The name "Document Object Model" was chosen because it is an "object model" is used in the traditional object oriented design sense: documents are modeled using objects, and the model encompasses not only the structure of a document, but also the behavior of a document and the objects of which it is composed. In other words, the nodes in the above diagram do not represent a data structure, they represent objects, which have functions and identity. As an object model, the Document Object Model identifies:

The structure of SGML documents has traditionally been represented by an abstract data model, not by an object model. In an abstract data model, the model is centered around the data. In object oriented programming languages, the data itself is encapsulated in objects which hide the data, protecting it from direct external manipulation. The functions associated with these objects determine how the objects may be manipulated, and they are part of the object model.

The Document Object Model currently consists of two parts, DOM Core and DOM HTML. The DOM Core represents the functionality used for XML documents, and also serves as the basis for DOM HTML. All DOM implementations must support the interfaces listed as "fundamental" in the Core specification; in addition, XML implementations must support the interfaces listed as "extended" in the Core specification. The Level 1 DOM HTML specification defines additional functionality needed for HTML documents.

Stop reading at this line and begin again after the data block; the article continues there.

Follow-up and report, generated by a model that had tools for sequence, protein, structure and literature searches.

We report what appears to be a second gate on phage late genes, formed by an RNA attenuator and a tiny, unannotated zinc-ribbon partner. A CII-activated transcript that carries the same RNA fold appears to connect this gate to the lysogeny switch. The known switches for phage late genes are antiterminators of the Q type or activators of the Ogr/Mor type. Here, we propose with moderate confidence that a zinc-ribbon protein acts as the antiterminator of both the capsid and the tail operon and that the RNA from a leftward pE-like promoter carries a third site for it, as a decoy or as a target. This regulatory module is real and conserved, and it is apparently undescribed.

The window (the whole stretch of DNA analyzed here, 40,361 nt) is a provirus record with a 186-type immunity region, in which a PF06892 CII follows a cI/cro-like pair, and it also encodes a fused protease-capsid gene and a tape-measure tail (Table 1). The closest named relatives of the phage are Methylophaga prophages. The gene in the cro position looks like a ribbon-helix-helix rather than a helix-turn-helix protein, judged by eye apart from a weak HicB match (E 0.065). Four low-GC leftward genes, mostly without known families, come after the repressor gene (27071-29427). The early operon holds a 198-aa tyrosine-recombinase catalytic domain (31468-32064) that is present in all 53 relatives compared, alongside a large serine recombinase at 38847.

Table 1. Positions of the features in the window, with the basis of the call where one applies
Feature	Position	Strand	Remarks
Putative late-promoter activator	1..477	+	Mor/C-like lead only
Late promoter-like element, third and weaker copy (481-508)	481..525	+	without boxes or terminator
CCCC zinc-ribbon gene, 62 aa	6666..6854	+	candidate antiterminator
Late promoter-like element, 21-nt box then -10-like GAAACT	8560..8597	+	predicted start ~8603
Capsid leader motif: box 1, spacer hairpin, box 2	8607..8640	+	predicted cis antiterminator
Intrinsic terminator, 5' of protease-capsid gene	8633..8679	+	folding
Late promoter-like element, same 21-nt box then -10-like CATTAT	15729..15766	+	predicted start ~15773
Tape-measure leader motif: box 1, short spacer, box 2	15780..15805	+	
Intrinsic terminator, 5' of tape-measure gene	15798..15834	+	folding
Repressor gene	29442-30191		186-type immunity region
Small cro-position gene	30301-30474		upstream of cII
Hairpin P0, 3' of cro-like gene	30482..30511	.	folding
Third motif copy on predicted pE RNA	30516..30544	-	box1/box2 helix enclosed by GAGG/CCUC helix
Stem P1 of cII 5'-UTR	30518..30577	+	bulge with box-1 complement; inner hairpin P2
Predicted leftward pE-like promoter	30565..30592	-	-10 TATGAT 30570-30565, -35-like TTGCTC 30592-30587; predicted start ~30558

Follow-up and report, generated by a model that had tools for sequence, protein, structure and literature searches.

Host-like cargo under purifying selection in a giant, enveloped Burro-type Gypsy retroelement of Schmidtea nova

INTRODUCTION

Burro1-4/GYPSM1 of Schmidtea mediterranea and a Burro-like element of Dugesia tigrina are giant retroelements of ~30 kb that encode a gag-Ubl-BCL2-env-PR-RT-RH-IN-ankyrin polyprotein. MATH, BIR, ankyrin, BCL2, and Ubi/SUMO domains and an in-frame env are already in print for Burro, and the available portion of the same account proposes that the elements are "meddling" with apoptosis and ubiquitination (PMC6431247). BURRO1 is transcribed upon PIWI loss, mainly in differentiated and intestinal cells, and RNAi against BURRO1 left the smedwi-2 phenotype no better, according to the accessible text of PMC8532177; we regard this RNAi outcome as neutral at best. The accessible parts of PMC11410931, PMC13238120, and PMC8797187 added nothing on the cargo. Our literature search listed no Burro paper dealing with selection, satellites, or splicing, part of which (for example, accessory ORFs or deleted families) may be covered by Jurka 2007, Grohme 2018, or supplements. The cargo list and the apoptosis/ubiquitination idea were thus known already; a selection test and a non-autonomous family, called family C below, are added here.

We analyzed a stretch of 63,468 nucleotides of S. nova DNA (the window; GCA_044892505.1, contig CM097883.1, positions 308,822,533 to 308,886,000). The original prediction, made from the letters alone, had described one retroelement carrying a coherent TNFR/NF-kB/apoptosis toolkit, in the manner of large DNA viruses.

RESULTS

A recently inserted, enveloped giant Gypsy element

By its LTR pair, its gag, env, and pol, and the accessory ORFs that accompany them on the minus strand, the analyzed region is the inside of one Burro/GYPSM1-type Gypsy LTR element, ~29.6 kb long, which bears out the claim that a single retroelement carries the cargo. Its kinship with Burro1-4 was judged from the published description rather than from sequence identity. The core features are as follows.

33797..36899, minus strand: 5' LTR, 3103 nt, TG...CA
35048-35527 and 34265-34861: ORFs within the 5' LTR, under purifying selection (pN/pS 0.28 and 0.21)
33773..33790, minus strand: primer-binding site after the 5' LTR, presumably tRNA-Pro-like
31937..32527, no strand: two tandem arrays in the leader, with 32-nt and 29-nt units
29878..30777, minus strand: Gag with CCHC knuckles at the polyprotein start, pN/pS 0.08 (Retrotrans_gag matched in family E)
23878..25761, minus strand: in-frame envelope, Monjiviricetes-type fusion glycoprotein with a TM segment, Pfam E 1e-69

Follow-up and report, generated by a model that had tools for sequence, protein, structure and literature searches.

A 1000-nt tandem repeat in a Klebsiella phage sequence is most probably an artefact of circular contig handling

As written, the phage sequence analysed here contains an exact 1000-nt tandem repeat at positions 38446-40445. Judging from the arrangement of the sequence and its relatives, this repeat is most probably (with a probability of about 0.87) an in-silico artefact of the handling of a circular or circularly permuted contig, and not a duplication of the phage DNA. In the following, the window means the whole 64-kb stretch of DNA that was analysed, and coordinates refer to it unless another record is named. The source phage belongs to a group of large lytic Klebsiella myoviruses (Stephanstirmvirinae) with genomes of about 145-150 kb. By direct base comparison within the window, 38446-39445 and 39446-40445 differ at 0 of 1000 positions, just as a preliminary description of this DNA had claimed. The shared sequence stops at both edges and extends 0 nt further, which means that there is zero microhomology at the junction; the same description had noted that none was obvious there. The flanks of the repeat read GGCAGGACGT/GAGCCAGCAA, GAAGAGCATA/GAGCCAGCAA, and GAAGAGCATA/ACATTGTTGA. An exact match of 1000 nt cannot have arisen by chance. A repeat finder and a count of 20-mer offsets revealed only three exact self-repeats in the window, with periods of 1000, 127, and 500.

What the Document Object Model is not

This section is designed to give a more precise understanding of the Document Object Model by distinguishing it from other systems that may seem to be like it.

Where the Document Object Model came from

The Document Object Model originated as a specification to allow JavaScript scripts and Java programs to be portable among web browsers. Dynamic HTML was the immediate ancestor of the Document Object Model, and it was originally thought of largely in terms of browsers. However, when the Document Object Model Working Group was formed, it was also joined by vendors in other domains, including HTML or XML editors and document repositories. Several of these vendors had worked with SGML before XML was developed; as a result, the Document Object Model has been influenced by SGML Groves and the HyTime standard. Some of these vendors had also developed their own object models for documents in order to provide programming APIs for SGML/XML editors or document repositories, and these object models have also influenced the Document Object Model.

Entities and the DOM Core

In the fundamental DOM interfaces, there are no objects representing entities. Numeric character references, and references to the pre-defined entities in HTML and XML, are replaced by the single character that makes up the entity's replacement. For example, in:

<p>This is a dog &amp; a cat</p>